Alcohol and Other Drug Treatment Court

What the AODT Court is about

Te Whare Whakapiki Wairua, the Alcohol and Other Drug Treatment (AODT) Court operating out of the Auckland and Waitākere District Courts, is overseen by the judiciary and brings together iwi, government agencies, health service providers and the local community to better support an effective response to alcohol and other drug substance use disorders.

The AODT Court is an example of a specialist, solutions-focused approach that aims to deliver better outcomes and experiences for court participants with alcohol and other drug substance use disorders, victims, whānau and the wider community.

Development of the AODT Court 

The AODT Court began in 2012 as a pilot initiative within the Auckland and Waitākere District Courts. In June 2019, an Outcomes Evaluation found that participants who completed the programme experienced better relationships with whānau, improved health, and increased opportunities for training and mahi. Within two years after graduating from the Court, participants were less likely to offend, less likely to be in prison and less likely to be involved with Police services. Where subsequent offending occurred, it was likely to be less serious offending.

In 2019, Cabinet agreed to make the AODT Court in Auckland and Waitākere permanent.

In 2020, a dedicated multi-agency project team was set up to implement the Outcomes Evaluation report’s recommendations that will further strengthen the success of the AODT Court in Auckland and Waitākere District Courts. They are also working to establish a new AODT Court for the Waikato.

Further information about the AODT Court can be found in the following report:

AODT Court Outcomes Evaluation Report

Establishing the Waikato AODT Court 

Te Tāhū o te Ture - the Ministry of Justice is working with the judiciary, iwi, Ministry of Health, Ara Poutama Aotearoa - Department of Corrections, New Zealand Police and the Public Defence Service to establish Waikato AODT Court pathways that will deliver better outcomes and experiences for participants, victims, whānau and the wider community.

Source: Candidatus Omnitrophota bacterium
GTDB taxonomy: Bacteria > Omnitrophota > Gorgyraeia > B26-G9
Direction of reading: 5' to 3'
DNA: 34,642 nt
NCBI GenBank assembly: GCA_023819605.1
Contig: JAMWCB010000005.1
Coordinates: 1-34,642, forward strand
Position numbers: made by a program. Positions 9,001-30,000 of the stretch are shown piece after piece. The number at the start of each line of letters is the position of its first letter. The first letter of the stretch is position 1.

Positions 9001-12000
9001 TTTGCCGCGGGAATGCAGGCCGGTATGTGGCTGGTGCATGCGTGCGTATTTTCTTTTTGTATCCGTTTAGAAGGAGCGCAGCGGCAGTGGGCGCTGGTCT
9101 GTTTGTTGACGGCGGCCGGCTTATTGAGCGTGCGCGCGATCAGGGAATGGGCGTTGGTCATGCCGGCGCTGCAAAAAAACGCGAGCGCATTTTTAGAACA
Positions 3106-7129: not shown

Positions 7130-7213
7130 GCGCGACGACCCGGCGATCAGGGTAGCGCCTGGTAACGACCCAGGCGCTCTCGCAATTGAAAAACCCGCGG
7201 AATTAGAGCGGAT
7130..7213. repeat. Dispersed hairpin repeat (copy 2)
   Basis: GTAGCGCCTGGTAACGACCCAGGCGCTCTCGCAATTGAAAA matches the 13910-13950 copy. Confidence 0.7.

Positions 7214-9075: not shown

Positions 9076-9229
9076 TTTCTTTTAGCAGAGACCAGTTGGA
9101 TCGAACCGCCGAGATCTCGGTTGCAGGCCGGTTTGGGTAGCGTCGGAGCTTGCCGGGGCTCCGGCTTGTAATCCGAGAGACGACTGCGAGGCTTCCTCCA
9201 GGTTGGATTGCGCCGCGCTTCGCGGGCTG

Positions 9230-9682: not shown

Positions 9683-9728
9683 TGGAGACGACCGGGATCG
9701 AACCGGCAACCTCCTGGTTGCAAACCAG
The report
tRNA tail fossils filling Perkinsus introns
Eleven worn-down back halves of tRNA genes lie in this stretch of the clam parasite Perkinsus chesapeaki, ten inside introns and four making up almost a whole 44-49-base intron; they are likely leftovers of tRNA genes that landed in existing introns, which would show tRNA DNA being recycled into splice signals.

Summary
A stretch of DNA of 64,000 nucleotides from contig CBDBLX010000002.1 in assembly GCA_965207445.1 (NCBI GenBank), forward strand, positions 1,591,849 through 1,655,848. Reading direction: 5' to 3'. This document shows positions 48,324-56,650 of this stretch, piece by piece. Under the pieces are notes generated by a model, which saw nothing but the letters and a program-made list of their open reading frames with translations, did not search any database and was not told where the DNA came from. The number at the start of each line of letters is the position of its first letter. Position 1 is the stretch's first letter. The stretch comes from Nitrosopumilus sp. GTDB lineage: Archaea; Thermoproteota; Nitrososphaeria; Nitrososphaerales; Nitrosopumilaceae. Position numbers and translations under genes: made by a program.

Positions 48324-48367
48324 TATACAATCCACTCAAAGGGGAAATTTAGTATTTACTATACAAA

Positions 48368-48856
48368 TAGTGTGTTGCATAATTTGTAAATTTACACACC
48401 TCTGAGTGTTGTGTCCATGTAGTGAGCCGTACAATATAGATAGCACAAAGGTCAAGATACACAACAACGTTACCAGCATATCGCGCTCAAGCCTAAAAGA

The Waikato AODT Court pathways will apply the learnings from the two Auckland-based AODT Court pilot sites, as well as learnings from other courts that apply solutions-focused and restorative approaches. These insights will be combined with evidence from international research and adapted to the Waikato context to ensure the Court aligns to best practice and is designed to meet the needs of the Waikato region’s communities.

Te Ao Mārama connection

The AODT Court is one of the projects that contribute to Te Ao Mārama – the future vision and operating model for the District Court: That the Court should be a place where all people can come to seek justice, no matter what their means or ability and regardless of their culture or ethnicity, who they are or where they are from.

Hamilton, where the Waikato AODT Court is being established, will also be one of two locations where Te Ao Mārama will be launched.

The principles of the Te Ao Mārama vision for the District Court guiding this project are:

  • improved access to justice
  • delivery of equitable treatment to all people
  • improved procedural fairness
  • improved outcomes (substantive fairness).

At a practical level, these principles will be applied to the AODT Court via the following aspects of the Court design:

  • Infusing Tikanga and Te Reo into Court processes and ensuring Kaupapa Māori values are integrated.
  • Improved information – including screening for addiction and information about whakapapa and needs.
  • Increased community involvement – building community presence in the Court, including available services.
  • Whānau involvement – increasing whānau participation by engaging with them in Court processes.
  • Active judging – reducing formalities in the courtroom and championing the use of Te Reo and plain language.
  • Consistent personnel – Consistency of presiding judge, legal representation and support service personnel.

The learnings from this project will help inform the establishment of specialist pathways for Court participants with alcohol and other drug substance use disorders elsewhere in Aotearoa New Zealand. 

It’s anticipated that the Waikato AODT Court will be operational from mid-2021.